SOUTH PORTLAND — The South Portland Housing Authority plans to build two projects – in the Knightville and Thornton Heights neighborhoods – that would add more than 100 affordable apartments to the city’s tight rental market.

Both projects – on Ocean Street in the downtown area and on Sunset Avenue on the west side of the city – require zoning changes and need financial backing before the authority can move forward, Executive Director Mike Hulsey said Wednesday. The authority has scheduled a public forum in each neighborhood next month, when staff members will present the project proposals and gather feedback from residents.

Hulsey said the projects would offer a combination of just-below-market-rate apartments and subsidized units, with an eye toward increasing the overall supply of rental housing in the city. In particular, the authority aims to shorten the wait for subsidized housing, which can range from two to three years for one- and two-bedroom apartments to six years for a three-bedroom apartment.

“Three-bedroom units are very hard to find and even if you find them, they’re very hard to pay for with a (subsidized housing) voucher,” Hulsey said. “Our goal is to keep the rents as low as possible. I feel if we can keep the rents below market rate, it will help stabilize the market.”

In Knightville, the authority plans to build a 48-unit, five-story apartment building at 51 Ocean St., a half-acre lot with a vacant one-story office building formerly occupied by Martin’s Point Health Care. The existing building would be torn down.

The new building would include ground-level parking and retail space, with 32 one-bedroom, 14 two-bedroom and two studio apartments above. A second phase containing 28 units would be built at 63 Ocean St., a quarter-acre lot with a smaller, one-story office building.


Both Ocean Street properties, which were listed for $1.8 million with CBRE/The Boulos Co., are under contract, Hulsey said. The smaller office building at 63 Ocean St. is currently leased to tenants under a two-year agreement that may be renewed, he said.

In Thornton Heights, the authority plans to build an additional 28 units at 131 Sunset Ave., a 3-acre vacant lot purchased last November for $185,000, according to city tax records. The project would consist of two buildings containing 14 units each, including two- and three-bedroom apartments.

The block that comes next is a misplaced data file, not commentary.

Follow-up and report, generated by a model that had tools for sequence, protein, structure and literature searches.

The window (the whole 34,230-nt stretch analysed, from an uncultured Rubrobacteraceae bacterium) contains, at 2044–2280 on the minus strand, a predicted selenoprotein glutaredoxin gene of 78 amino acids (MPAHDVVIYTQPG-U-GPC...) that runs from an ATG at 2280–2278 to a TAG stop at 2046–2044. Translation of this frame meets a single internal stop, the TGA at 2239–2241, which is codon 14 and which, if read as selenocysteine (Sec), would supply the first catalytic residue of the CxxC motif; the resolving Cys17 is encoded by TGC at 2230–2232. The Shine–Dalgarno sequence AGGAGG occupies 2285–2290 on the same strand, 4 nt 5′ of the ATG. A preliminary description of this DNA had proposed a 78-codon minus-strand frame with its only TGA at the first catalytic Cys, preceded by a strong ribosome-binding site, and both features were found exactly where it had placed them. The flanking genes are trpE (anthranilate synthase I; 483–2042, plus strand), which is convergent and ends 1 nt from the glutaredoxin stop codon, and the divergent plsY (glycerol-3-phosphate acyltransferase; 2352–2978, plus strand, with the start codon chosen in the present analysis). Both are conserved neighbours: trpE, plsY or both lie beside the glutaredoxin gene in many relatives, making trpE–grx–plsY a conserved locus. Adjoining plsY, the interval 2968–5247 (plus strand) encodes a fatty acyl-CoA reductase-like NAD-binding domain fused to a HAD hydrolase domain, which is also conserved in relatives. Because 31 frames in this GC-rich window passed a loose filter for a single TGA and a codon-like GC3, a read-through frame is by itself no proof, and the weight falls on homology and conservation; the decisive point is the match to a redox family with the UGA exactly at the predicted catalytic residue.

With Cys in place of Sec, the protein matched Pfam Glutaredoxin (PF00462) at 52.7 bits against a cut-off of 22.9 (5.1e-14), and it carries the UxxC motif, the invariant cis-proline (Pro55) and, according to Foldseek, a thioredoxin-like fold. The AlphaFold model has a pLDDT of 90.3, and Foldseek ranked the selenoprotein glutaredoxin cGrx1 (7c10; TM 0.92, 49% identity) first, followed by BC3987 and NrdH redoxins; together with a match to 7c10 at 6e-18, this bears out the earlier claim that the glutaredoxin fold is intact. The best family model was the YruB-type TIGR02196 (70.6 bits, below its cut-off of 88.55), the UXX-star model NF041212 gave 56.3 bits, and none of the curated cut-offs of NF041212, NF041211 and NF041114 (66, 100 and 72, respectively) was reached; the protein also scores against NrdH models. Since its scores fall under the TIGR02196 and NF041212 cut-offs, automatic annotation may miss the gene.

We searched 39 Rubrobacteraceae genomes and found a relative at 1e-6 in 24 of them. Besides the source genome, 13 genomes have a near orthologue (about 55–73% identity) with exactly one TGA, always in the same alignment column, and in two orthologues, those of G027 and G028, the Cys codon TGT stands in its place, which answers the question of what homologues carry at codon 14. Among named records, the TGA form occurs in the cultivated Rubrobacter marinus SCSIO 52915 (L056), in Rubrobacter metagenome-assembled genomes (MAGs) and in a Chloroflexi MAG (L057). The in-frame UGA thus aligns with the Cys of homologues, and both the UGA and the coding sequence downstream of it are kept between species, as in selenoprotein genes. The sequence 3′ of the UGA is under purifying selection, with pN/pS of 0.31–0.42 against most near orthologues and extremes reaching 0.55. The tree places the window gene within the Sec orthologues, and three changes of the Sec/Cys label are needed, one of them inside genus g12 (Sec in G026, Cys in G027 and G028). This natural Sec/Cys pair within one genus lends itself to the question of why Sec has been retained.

Hulsey said he hopes to go before the Planning Board next month to request a zoning change for the Sunset Avenue site, which is zoned for single-family homes.

The Ocean Avenue project would require a change from the mixed-use village commercial zone, which limits buildings to four stories and 24 units per acre. Hulsey said he’s hoping the city will respond to growing interest among Knightville property owners and move to allow taller and larger housing projects similar to new zoning approved for the Mill Creek area next door.

Planning Director Tex Haeuser acknowledged that several property owners have asked city officials to loosen development restrictions in Knightville.

“We’ll have to see how the neighborhood is feeling about it and have some discussions with the City Council,” Haeuser said.


Hulsey said he hopes to start construction in 2018. The projects may qualify for housing grants, he said, but they’ll probably require some traditional financing because government subsidies are so competitive and scarce.

The neighborhood forum for the Sunset Avenue project will be held May 2 at 51 Landry Circle, followed by the forum for the Ocean Street project on May 9 at 100 Waterman Drive. Both meetings will run from 5 to 7 p.m.

Kelley Bouchard can be contacted at:

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